NASHVILLE, Tenn. (WTVF) — Thousands of employers in Tennessee may soon have to require a COVID-19 vaccine or weekly testing.
A mandate from President Joe Biden will require companies with 100 employees or more to require vaccinations or weekly COVID-19 tests. The same will be required of federal workers or people with government contracts.
Tennessee Department of Labor data shows Tennessee has 4,156 employers with 100 or more employees, which accounts for approximately 1.97 million workers in the state, roughly 60% of the labor force.
According to Vanderbilt Law Professor Jennifer Shinall, employers who willingly follow this mandate should feel protected.
"I think employers have such a compelling reason to mandate these vaccines because they want to stay open, because they want to protect themselves from liability and COVID-19 outbreaks in the workplace," Shinall said.
Shinall anticipates that there will be lawsuits filed against employers, but says plaintiffs are likely to lose because courts balance employer and employee interest.
"I think employers win," she said of those cases.
According to the Tennessee Attorney General, the U.S. Department of Labor rule announced by the president “has not even been written" and he "doubts anyone knows the true ramifications." OSHA is expected to issue the emergency rule in the coming weeks.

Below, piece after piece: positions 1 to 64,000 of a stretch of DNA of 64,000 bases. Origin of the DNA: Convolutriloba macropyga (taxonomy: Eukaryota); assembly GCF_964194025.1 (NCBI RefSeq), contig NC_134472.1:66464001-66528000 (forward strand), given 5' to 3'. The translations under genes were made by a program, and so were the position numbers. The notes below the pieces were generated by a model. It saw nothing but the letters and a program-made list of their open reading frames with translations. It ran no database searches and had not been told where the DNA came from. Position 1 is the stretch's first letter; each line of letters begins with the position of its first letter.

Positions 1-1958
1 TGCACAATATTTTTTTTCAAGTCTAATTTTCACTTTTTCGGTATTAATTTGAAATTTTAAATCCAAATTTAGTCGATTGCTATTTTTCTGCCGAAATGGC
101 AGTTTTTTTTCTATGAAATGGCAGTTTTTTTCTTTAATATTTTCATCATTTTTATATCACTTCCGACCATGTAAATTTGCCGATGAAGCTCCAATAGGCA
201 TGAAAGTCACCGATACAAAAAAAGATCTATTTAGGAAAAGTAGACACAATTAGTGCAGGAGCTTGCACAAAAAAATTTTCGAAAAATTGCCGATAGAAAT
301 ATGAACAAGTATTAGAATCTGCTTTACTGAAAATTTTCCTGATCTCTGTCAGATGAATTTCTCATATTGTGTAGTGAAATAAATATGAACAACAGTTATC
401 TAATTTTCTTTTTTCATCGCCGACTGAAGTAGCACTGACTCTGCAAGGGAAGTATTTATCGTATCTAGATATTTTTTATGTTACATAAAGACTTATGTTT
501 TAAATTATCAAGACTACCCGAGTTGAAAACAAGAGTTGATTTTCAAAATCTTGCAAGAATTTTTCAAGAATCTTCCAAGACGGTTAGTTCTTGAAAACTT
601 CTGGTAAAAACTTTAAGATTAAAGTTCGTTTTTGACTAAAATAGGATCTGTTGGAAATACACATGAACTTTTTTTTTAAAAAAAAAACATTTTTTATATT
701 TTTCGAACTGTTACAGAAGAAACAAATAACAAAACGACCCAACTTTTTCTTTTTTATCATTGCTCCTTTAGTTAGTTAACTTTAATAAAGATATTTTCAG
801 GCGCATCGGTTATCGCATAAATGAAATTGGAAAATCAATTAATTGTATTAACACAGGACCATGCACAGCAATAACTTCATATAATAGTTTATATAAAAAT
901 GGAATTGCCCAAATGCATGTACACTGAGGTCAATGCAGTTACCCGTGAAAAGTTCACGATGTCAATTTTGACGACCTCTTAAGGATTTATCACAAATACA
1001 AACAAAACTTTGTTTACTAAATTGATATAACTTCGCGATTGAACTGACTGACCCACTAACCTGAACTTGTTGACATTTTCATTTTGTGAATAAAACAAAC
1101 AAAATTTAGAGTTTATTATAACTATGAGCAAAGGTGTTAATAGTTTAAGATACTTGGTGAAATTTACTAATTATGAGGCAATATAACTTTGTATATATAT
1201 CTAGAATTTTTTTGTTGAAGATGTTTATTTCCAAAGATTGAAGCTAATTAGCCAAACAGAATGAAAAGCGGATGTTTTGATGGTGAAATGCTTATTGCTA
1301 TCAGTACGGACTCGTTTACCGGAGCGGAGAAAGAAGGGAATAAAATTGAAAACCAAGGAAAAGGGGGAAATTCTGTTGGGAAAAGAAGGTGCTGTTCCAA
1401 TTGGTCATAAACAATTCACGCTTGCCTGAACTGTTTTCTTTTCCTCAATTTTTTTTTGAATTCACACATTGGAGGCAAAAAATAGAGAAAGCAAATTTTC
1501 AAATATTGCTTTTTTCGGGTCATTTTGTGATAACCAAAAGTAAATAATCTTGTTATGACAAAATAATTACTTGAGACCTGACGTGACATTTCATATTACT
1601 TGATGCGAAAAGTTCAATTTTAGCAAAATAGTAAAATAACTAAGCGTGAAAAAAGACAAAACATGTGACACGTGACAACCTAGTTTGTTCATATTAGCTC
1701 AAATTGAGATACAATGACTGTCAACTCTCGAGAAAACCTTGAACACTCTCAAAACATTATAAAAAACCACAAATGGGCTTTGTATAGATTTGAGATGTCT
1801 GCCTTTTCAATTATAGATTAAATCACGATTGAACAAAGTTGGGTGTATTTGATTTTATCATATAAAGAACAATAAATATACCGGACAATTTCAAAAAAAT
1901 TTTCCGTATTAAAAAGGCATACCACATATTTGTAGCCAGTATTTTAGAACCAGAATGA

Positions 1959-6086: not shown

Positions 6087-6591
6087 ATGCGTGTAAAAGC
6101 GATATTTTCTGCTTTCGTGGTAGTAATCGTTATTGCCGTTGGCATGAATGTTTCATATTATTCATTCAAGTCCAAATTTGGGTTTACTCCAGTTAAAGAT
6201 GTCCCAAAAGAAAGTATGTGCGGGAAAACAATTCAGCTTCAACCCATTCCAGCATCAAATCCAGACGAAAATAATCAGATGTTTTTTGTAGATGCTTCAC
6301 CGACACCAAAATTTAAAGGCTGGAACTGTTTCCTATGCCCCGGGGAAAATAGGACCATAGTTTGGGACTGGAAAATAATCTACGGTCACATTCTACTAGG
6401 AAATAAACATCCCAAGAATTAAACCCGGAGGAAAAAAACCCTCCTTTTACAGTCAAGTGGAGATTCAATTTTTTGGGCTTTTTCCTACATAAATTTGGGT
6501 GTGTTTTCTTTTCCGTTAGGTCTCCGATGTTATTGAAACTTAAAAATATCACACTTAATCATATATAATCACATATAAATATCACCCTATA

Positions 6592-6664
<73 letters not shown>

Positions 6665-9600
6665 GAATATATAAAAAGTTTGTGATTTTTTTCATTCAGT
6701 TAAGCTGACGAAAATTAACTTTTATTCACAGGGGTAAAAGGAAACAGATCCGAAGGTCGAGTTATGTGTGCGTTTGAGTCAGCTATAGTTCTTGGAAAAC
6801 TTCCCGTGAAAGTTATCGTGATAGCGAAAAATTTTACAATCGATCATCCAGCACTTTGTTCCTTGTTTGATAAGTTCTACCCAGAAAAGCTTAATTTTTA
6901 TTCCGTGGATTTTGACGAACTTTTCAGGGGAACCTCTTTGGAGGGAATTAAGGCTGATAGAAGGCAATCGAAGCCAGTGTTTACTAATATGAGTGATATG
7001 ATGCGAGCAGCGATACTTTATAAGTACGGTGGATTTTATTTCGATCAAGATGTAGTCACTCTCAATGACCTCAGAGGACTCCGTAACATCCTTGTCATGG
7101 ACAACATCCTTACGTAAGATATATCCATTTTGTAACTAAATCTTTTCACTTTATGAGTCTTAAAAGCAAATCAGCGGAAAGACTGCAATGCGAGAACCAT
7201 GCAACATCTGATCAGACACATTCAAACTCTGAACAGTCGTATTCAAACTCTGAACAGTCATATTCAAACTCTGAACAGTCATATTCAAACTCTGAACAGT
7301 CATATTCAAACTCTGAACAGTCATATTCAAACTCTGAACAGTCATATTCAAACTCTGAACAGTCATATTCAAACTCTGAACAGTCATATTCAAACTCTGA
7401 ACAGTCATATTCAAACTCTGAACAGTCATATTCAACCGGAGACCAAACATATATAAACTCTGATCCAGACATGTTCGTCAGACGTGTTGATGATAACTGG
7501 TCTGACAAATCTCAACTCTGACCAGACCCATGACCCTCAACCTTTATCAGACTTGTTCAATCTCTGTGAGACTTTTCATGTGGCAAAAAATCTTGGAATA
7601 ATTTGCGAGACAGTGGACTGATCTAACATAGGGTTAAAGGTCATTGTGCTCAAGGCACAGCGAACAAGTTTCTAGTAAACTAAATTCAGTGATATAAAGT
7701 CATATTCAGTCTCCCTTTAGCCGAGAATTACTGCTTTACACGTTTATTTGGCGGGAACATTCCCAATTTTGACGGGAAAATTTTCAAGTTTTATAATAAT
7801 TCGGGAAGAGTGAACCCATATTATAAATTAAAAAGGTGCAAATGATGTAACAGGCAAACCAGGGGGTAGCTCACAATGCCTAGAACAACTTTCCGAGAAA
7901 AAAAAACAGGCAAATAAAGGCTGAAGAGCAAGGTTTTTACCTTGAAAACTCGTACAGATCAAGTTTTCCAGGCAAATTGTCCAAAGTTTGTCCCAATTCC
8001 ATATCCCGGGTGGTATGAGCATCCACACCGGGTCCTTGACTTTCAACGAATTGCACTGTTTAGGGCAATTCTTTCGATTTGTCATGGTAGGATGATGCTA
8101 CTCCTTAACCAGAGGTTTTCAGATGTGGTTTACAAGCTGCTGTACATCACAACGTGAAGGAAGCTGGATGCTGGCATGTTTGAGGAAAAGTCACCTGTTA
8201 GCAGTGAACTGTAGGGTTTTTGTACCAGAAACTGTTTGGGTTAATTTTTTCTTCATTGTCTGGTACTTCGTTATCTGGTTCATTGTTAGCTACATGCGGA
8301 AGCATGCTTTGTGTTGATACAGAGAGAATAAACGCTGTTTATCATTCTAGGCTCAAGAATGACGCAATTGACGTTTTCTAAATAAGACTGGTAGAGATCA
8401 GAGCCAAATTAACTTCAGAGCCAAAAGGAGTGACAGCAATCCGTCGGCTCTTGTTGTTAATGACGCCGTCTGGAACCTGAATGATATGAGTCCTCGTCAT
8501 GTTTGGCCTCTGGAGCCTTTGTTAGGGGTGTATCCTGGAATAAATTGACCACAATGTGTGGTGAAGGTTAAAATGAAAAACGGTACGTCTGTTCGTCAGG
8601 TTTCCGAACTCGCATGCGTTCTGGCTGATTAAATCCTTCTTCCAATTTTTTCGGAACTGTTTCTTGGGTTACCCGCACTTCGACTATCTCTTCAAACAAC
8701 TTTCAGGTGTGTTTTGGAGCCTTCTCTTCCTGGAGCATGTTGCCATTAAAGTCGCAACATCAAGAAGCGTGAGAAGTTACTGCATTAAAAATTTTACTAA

Shinall said even lawsuits from the states will likely fail due in part to the highly infectious Delta variant, and the responsibility of the government to ensure people's safety.
However, where Tennessee may have some flexibility is enforcement. Shinall said without a national COVID-19 vaccine registry, it is likely that states will be leaned on to track compliance, which some may not prioritize.
"Given the realities of actually trying to enforce these new federal mandates, I think states ultimately can and probably will do other things to prevent, or at least make more difficult, the actual enforcement of these mandates," she said.
On Monday, NewsChannel5 reached out to several large companies and business groups based in Middle Tennessee. None of them were ready to talk about how they'll handle the mandate because of the limited information.